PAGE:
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'I'm going to die': What it's like inside a federal prison where 70% have coronavirus

Inmates' families fear their loved ones are forgotten in Seagoville prison, which tops the nation in COVID-19 cases

Mary Bodley lives just 25 miles from her son.

But her firstborn might as well be a world away.

Her son, Marcus Pierson, recently sent her his will. He fears he won’t be alive much longer.

Pierson, a severe asthmatic since childhood, is one of more than 1,200 prisoners at the federal prison in Seagoville to test positive for COVID-19 – currently more than any other federal facility in the nation.

As of this week, about 70% of Seagoville’s 1,760 prisoners have tested positive for COVID-19.

Credit: WFAA
Seagoville Federal Correctional Institution

“I understand that they’re criminals, but they’re still human beings,” said Bodley, a Duncanville resident. “He’s not trying to get out of prison. He’s just trying to stay alive.”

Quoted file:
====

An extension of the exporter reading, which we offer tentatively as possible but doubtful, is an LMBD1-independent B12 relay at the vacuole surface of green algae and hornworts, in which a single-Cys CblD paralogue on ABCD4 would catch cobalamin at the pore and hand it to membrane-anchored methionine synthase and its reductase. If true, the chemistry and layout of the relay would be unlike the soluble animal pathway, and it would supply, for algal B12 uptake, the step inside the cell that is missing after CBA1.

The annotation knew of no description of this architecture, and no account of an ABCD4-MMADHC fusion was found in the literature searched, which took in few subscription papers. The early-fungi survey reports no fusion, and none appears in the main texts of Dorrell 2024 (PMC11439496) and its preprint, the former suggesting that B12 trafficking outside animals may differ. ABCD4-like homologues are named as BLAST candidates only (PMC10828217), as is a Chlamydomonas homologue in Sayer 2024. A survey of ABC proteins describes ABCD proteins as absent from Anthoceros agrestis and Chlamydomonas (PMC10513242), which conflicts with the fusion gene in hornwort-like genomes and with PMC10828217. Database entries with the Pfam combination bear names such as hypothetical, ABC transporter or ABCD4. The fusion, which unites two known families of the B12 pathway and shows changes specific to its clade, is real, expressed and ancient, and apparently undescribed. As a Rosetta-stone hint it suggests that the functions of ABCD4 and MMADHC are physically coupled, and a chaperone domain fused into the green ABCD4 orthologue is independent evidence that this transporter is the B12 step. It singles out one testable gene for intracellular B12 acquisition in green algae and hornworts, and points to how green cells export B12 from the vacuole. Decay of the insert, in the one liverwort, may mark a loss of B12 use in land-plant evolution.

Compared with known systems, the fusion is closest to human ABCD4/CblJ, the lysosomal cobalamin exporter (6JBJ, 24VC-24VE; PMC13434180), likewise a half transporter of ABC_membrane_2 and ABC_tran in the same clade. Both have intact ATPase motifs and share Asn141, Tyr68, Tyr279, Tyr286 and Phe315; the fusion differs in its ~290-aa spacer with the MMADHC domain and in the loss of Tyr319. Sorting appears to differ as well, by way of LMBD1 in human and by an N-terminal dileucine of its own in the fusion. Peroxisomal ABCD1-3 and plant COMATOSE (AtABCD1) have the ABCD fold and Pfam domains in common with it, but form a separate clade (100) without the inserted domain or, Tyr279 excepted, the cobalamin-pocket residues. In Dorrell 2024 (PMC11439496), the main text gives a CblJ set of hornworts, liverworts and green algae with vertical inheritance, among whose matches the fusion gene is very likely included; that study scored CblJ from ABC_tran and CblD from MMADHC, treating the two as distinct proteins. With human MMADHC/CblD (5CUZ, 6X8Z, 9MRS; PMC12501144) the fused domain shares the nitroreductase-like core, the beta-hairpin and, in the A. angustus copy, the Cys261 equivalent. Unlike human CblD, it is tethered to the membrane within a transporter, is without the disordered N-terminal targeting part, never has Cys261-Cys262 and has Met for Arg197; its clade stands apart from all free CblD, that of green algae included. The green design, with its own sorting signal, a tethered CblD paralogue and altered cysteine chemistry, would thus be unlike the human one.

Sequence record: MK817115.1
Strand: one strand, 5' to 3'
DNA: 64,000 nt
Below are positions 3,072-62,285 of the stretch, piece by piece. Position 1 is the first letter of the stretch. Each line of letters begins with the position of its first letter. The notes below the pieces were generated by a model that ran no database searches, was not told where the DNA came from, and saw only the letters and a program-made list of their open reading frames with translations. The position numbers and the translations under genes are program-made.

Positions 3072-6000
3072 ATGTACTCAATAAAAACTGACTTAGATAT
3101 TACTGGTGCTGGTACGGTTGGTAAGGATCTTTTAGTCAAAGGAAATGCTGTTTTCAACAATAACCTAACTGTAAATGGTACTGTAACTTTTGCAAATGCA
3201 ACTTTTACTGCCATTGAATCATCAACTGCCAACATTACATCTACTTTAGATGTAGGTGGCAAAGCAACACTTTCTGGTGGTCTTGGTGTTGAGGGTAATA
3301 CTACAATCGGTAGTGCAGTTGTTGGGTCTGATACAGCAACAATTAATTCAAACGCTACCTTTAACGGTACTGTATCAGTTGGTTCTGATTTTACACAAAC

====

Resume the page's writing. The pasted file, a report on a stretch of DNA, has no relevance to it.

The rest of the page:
Three federal inmates housed at Seagoville have died, including 78-year-old Jacky Pace, who had served more than three decades on a drug trafficking sentence.

Pace tested positive for COVID-19 July 8, according to prison officials. He was transported to the hospital the next day, where he stayed until July 14. He was again hospitalized July 20. He died Saturday.

Besides Seagoville, another North Texas prison ranks second in the nation for cases.

The Carswell Federal Medical Center in Fort Worth, which houses female inmates, had 531 active inmate cases as of Tuesday.

Another federal medical center, also located in Fort Worth and housing male inmates, has the second-highest number of deaths with 12, according to the Bureau of Prisons' website. Almost 600 inmates at the unit have recovered from the illness, the website shows.

“The only people coming from the outside were the guards and the nurses and the doctor and the warden,” Bodley told WFAA. “You know, those are the people that brought that into the prison.”

Phone call from prison

In a phone call from prison, Pierson told WFAA that the virus spread through his building after a guard came to work sick. He believes the disease spread rapidly because “the guards weren’t wearing masks and they were just mixing people together.”